Society, Economics and Environment
"Carbon accounting was first introduced into the UK water industry during the 2009 Price Review (PR 09). This saw water companies required to account for embodied and operational greenhouse gas emissions with a shadow price of carbon introduced into the business planning process, so that the sustainability impact of investment decisions could be demonstrably accounted for. As part of PR09 planning UK water companies also produced a 25-year strategic direction statement and many placed sustainability at the core of this roadmap. Water UK has also produced a series of sustainability indicators for the industry most of which relate to water supply performance but also include measures of total energy use, greenhouse gas emissions and renewable energy generation." [IND05, p22]
In the Price Review it states "Each company should audit and quantify the greenhouse gas impact of its proposed strategy, and develop a clear analysis of the balance between local environmental quality improvements and the wider impacts of greenhouse gases." [GAI11, Section 3.3.2]
There is a key Government policy objective on climate change mitigation and adaption stating "in line with the objectives of Defra’s mitigation and adaptation plans to help deliver the UK’s obligation to reduce greenhouse gas emissions by 80% by 2050 and work to carbon budgets stemming from the Climate Change Act 2008". This is set out in the National Policy Statement for Waste Water [GAI12, Section 2.2].
In consideration of the above, a Blue-Green study of London should include a full carbon account of predicted adopted solutions with appropriate ranges applied to each application, e.g. rainwater harvesting and SUDS, allowing for the number of applications to increase over time. In Philadelphia it was shown that costs associated with CO2 emissions were negative for their BG solution, i.e. a benefit, and positive for the tunnel alternative [CAS05].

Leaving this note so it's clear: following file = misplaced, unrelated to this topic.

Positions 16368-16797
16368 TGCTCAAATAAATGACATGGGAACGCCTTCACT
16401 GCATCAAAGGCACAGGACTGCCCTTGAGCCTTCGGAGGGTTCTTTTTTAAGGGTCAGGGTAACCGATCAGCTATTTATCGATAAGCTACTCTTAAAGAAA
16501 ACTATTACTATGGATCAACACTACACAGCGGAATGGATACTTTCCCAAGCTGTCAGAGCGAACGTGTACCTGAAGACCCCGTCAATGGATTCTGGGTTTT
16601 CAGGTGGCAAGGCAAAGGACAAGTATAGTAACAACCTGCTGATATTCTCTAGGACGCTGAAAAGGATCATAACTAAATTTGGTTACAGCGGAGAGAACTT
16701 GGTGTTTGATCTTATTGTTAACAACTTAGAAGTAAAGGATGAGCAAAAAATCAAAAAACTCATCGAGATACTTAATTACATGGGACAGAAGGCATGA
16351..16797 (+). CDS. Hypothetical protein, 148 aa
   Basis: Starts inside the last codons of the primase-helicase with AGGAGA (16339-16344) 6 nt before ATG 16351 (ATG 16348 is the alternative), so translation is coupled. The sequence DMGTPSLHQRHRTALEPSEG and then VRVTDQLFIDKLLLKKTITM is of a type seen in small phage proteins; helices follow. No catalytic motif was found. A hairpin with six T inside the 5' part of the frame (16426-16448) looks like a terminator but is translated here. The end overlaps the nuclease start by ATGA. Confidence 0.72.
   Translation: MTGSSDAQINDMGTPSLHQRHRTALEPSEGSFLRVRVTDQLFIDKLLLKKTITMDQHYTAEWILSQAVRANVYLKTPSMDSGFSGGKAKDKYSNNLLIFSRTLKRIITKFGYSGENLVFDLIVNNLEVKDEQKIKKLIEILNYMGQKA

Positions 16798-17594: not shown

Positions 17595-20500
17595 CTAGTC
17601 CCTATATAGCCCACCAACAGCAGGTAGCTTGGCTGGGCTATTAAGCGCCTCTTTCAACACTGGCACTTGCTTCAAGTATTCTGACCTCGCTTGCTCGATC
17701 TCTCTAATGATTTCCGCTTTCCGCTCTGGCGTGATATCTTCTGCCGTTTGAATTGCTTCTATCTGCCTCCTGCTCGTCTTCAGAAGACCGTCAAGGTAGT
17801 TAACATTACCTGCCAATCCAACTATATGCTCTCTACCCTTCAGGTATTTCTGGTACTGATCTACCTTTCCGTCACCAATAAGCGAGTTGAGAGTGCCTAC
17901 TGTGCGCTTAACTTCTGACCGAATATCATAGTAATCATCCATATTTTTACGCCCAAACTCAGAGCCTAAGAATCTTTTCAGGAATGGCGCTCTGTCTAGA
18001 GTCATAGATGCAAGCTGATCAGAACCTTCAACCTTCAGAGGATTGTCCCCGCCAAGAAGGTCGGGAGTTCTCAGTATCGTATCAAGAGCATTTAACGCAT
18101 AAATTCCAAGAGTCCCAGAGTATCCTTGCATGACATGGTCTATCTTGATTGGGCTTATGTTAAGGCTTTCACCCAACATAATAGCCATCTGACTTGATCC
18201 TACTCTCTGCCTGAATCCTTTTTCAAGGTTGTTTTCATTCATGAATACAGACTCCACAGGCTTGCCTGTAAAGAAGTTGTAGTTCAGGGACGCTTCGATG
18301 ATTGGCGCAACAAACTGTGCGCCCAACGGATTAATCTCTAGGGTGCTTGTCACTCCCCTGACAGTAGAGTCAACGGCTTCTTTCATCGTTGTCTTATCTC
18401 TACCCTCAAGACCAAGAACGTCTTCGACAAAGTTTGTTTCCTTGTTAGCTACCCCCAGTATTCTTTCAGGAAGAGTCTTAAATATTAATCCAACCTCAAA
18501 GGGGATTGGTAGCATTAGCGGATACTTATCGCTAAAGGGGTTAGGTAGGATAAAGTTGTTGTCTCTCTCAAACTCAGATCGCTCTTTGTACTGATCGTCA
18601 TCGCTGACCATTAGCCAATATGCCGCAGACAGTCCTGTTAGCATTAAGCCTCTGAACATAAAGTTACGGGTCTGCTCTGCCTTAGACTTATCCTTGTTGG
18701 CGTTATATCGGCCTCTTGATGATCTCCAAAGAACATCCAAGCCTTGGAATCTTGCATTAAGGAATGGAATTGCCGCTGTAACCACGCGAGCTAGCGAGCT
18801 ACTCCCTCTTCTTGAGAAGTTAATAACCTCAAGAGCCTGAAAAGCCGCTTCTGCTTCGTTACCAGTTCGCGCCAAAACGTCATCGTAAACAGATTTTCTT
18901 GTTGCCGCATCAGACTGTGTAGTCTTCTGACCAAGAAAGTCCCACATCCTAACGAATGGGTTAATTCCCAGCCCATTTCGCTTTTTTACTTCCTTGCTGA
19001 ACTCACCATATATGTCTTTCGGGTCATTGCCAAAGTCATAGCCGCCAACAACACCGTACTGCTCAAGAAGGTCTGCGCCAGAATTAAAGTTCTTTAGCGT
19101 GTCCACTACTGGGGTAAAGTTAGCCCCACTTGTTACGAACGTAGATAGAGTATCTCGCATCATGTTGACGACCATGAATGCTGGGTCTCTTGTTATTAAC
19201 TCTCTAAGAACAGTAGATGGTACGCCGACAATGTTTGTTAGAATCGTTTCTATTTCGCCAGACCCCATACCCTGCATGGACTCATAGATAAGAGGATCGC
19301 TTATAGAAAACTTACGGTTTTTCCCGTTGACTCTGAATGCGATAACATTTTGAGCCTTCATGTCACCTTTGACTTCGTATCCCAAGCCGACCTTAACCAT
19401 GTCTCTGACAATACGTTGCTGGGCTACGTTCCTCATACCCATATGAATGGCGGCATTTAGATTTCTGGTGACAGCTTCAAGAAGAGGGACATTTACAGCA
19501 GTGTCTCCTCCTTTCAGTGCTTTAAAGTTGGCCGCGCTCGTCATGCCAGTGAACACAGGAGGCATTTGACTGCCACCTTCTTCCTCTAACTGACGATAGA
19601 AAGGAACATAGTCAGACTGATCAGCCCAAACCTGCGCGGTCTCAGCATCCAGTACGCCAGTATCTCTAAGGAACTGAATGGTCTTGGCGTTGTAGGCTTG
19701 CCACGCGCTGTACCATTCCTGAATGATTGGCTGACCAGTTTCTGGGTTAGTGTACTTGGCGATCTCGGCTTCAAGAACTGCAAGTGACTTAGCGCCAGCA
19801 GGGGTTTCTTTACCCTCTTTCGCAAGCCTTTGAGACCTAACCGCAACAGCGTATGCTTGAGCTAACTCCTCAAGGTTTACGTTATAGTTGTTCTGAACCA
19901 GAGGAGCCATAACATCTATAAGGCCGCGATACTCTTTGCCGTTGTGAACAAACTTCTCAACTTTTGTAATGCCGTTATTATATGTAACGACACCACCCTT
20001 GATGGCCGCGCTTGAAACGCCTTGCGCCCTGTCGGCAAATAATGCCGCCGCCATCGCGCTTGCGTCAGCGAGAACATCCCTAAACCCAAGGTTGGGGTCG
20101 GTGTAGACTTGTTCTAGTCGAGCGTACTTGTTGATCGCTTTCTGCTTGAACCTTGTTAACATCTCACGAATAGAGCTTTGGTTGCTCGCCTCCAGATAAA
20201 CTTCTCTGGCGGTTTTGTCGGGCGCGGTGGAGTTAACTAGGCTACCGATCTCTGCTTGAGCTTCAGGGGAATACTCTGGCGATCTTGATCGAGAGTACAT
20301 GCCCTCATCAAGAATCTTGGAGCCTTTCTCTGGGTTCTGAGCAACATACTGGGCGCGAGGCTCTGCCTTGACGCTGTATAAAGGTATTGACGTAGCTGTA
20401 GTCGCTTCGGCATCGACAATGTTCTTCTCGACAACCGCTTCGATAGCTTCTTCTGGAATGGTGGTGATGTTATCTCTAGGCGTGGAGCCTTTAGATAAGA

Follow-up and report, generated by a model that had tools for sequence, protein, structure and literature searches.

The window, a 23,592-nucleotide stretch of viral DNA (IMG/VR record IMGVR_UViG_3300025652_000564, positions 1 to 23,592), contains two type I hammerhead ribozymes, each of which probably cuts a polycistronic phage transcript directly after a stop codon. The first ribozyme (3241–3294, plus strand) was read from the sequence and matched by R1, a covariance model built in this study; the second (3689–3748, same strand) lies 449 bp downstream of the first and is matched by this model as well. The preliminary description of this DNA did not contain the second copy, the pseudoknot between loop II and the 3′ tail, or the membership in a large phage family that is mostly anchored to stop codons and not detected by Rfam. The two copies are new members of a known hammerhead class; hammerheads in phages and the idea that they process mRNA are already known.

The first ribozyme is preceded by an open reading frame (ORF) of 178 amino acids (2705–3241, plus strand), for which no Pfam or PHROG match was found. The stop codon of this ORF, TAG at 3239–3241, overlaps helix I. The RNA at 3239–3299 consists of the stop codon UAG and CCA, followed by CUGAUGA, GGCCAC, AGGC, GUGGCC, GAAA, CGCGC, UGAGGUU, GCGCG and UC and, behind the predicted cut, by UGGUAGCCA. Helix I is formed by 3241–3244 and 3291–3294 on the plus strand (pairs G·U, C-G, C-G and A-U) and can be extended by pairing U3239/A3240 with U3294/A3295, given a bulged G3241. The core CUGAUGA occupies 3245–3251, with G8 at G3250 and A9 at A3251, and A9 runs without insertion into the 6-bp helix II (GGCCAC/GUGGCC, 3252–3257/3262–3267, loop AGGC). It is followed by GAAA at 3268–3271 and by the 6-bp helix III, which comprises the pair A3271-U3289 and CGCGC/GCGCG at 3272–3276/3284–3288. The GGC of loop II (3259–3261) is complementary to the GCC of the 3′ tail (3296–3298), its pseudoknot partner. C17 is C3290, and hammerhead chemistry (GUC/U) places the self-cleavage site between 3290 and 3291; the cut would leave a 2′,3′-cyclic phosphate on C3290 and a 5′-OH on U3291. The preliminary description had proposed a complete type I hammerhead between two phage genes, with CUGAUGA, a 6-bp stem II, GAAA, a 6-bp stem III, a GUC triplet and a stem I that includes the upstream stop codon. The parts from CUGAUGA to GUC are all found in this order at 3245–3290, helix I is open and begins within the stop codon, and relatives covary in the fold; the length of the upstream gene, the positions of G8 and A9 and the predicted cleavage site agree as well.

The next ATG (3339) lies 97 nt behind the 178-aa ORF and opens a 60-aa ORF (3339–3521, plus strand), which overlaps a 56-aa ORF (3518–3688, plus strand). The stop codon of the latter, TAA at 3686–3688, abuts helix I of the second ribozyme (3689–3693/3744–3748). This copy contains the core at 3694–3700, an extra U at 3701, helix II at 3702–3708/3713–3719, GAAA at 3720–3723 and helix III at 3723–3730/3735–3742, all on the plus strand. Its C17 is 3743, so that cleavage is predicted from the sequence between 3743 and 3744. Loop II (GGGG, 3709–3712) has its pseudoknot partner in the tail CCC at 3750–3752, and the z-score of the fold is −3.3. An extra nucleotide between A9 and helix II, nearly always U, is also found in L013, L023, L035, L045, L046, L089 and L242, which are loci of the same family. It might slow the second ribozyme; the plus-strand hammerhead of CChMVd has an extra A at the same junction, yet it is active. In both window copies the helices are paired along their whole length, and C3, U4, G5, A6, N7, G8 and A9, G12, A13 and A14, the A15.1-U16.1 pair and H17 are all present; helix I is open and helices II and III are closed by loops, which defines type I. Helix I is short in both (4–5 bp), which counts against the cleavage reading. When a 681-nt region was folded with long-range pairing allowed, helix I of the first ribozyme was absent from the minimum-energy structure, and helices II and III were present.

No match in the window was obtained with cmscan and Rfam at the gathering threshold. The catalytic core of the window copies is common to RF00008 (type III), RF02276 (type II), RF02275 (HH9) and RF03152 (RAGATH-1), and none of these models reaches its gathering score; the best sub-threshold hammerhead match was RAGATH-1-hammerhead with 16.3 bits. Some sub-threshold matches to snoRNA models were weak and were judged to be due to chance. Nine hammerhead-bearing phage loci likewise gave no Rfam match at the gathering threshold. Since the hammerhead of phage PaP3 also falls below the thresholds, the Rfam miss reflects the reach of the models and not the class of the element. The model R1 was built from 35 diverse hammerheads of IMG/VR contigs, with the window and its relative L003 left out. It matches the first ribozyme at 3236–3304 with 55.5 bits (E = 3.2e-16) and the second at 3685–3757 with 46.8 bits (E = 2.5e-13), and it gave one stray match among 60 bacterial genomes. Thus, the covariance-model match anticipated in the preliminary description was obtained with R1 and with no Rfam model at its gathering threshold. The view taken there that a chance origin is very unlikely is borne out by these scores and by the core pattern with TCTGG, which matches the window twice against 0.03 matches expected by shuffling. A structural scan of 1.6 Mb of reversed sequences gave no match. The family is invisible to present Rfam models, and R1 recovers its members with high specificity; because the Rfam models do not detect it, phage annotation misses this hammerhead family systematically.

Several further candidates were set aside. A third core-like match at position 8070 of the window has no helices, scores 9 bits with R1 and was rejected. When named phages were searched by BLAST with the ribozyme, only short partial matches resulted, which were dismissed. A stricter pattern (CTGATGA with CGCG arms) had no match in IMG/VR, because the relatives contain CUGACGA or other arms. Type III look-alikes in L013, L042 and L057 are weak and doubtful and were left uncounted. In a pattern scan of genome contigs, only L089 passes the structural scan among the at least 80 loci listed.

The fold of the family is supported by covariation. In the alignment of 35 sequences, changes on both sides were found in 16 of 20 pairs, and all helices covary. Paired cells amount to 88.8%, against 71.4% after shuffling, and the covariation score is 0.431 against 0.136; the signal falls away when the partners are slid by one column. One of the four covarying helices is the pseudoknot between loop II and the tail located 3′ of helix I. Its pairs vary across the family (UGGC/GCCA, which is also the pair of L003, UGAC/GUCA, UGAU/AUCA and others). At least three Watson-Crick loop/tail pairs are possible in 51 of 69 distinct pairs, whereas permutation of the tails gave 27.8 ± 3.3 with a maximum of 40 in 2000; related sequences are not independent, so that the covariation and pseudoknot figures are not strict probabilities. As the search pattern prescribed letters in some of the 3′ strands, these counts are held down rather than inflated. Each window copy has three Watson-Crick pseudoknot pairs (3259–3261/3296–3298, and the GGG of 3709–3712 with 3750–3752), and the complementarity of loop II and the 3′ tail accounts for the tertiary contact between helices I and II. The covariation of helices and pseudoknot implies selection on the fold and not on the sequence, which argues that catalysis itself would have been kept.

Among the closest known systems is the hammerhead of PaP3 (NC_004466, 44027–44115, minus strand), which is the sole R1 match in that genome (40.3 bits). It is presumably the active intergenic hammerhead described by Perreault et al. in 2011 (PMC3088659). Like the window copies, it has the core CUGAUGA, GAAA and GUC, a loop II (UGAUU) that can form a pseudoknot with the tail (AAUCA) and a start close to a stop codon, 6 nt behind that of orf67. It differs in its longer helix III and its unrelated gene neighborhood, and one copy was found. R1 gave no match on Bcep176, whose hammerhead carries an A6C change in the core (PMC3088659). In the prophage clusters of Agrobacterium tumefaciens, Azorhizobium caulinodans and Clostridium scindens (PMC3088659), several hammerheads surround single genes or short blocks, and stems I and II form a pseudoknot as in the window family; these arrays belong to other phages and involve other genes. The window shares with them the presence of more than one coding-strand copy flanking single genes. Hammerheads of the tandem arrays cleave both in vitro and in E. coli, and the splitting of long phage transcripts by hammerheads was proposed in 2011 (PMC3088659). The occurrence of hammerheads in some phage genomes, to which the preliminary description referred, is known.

In order to judge how different schemes compare, e.g. grey only (Tunnel), BG only or grey + BG, the boundary conditions / assumptions for the assessments require careful scrutiny ensuring that appropriate comparisons are valid. For example, for a tunnel scheme, consideration may be required over the life-cycle of the scheme on the carbon associated with:
Blue-Greening applications are essentially local (a decentralized system) and so any cumulative pumping costs are likely to be insignificant in comparison. That said, a similar comprehensive carbon accounting process would be required to cover the life cycle of the BG applications possibly inclusive of some of the key benefits highlighted on the Home Page. Arguments may necessitate a similar period, e.g. 125 years. Combinations of approaches would be needed to compare against grey + BG options.
Major infrastructure projects in the UK are usually required to carry out carbon accounting which clarify the sustainability credentials of the project. It is understood that this information is not currently in the public domain for the Thames Tideway Tunnel scheme but should be made available with all assumptions for assessment and possibly amendment in order for fair comparisons to be made against BG and combined (grey + BG) solutions.